Two absolutely different voices and I don't need my acoustic analyzer to know how well those two voices carry in the house.  We would have to go back to Lauri-Volpi and Miguel Fleta to find Verdi Otellos in the mold of the Bel Canto.  There is a different thrill with voices like Kunde's.  Just as we heard with the Fille aria above from a couple of years ago, it is almost unbelievable that a voice of such mass can sing high Cs so easily.  Giacomini is the traditional spinto with a voice that blooms closer to G4 than Bb4 as we hear with Kunde.

Gregory Kunde and Sondra Radvanosky represent a rarity in our times that should be remedied.  They are not the only "Big High" Voices around.  The important thing is that their glorious voices are not diminishing as they are experience their primes.  Kunde has been maintaining his prime for quite a while and Radvanovsky is become a model on the women's side.

The vocal folds are three-dimensional.  They are horizontal on two different axes and vertical as well.  The specific characteristics of the folds determine tessitura, ability to handle breath pressure (volume) and timbre.  It is a combination of those things that determine comfort or discomfort in a particular repertoire.

Greg and I did an interview a couple of years ago that ended up unfortunately not recording properly because my Skype-Audacity connection did not behave. His extremely busy schedule has made it difficult to remedy that loss.  I hope we will have a chance to discuss his magnificent career again!  I met Sondra Radvanoskly briefly after one of her Tosca, backstage at the MET.  She was gracious and friendly to everyone who approached her.  She seems just as easy-going as her very easy but powerful voice.  I would welcome a sit-down with her as well.

In a world where voices seem expendable, it is not only refreshing but extremely encouraging that two such great flowers should bloom in a field that does not always provide sunshine and water to bourgeoning talent!

I leave you the two Bel Canto Stars singing together in Lucrezia Borgia and Vespri. It is beautiful how well-balanced the two voices are together!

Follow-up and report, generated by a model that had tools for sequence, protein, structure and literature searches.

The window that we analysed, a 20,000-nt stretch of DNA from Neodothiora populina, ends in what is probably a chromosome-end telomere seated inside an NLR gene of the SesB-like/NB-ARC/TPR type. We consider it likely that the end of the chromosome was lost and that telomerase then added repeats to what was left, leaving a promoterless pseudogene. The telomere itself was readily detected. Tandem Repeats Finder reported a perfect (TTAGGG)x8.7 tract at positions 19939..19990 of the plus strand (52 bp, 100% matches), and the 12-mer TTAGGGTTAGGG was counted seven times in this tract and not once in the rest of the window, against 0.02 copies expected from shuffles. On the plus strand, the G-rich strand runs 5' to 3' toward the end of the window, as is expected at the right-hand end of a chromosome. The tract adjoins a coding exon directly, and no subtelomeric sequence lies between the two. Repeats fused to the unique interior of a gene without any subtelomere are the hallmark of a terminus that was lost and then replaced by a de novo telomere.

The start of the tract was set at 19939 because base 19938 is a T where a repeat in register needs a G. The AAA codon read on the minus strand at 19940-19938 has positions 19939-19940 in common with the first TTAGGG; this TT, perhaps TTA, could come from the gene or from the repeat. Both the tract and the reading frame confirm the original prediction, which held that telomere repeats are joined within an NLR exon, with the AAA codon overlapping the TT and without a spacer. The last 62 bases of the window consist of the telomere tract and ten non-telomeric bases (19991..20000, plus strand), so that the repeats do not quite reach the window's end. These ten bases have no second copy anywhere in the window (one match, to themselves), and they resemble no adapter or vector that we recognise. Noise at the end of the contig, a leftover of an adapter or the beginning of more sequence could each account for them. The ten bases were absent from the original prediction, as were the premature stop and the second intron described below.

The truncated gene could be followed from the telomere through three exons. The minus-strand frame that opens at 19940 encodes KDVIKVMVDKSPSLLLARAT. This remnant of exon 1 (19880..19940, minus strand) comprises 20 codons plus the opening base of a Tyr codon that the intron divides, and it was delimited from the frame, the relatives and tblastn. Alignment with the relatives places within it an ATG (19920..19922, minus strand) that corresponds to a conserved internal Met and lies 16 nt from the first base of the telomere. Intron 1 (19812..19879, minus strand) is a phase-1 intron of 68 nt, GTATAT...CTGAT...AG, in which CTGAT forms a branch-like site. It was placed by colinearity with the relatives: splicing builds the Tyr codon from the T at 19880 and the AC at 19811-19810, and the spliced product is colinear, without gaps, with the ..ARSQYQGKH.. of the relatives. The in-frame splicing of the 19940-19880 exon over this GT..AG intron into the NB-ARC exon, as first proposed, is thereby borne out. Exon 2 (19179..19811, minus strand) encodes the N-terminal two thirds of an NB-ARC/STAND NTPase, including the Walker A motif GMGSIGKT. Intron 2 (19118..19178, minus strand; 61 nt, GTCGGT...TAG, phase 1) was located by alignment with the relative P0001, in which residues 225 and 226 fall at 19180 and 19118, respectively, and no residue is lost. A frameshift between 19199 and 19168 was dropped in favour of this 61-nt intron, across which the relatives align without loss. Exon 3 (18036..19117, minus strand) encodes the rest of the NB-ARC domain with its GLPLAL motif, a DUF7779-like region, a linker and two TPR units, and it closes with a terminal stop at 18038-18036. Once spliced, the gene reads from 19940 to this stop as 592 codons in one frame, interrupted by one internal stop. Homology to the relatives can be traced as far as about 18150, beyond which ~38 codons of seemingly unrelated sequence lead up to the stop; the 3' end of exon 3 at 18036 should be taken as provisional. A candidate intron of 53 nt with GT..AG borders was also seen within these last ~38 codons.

© 04/15/2014

Edit to add the last two videos, suggested by James L. Pike, my student who often gets valuable advice from Maestro Kunde.  May the two of them get to sing much more together.

Thursday, March 20, 2014

Kashu-do (歌手道): Lisa della Casa and Orelia Dominguez: Vocal Acoustics Par Excellence

The development of acoustic studies as related to the opera singer gained some steam through the consistency that can be observed in the tenor high voice.  If anything had been made clear is that most of the great tenors display a clear strategy between the dominance of the first formant (F1) in the lower range and the dominance of the second formant (F2) in the higher range and a near equal balance on notes that lie at the border between F1 and F2 dominance---the area we call the passaggio (Fundamental Frequency depends upon vowels--i.e. the passaggio begins earlier for low-F1 vowels like [u] and [i] and later for [E] and [a], [o], [O] and [e] fall in between extremes).  Beyond F1/F2 balance, the presence of the Singer's Formant (SF), attributed for the "ring" or "squillo" (that which makes the voice present in the listener's ears when the singer is accompanied with orchestral forces), is expected throughout the male range (not all singers achieve this.  Even the great Pavarotti had little SF in his voice).

F1: [a] (or what passes for [a] in context) = 750 Hz (+/- 100Hz); F2: [a] (or what passes for [a] in context) = 1200Hz (+/- 100Hz)

F1: [o] (or what passes for [a] in context) = 400 Hz (+/- 100Hz); F2: [o] (or what passes for [o] in context) = 1000Hz (+/- 100Hz)

F1: [u] (or what passes for [u] in context) = 260 Hz (+/- 100Hz); F2: [u] (or what passes for [u] in context) = 900Hz (+/- 100Hz)

F1: [E] (or what passes for [E] in context) = 350 Hz (+/- 100Hz); F2: [E] (or what passes for [E] in context) = 1450Hz (+/- 100Hz)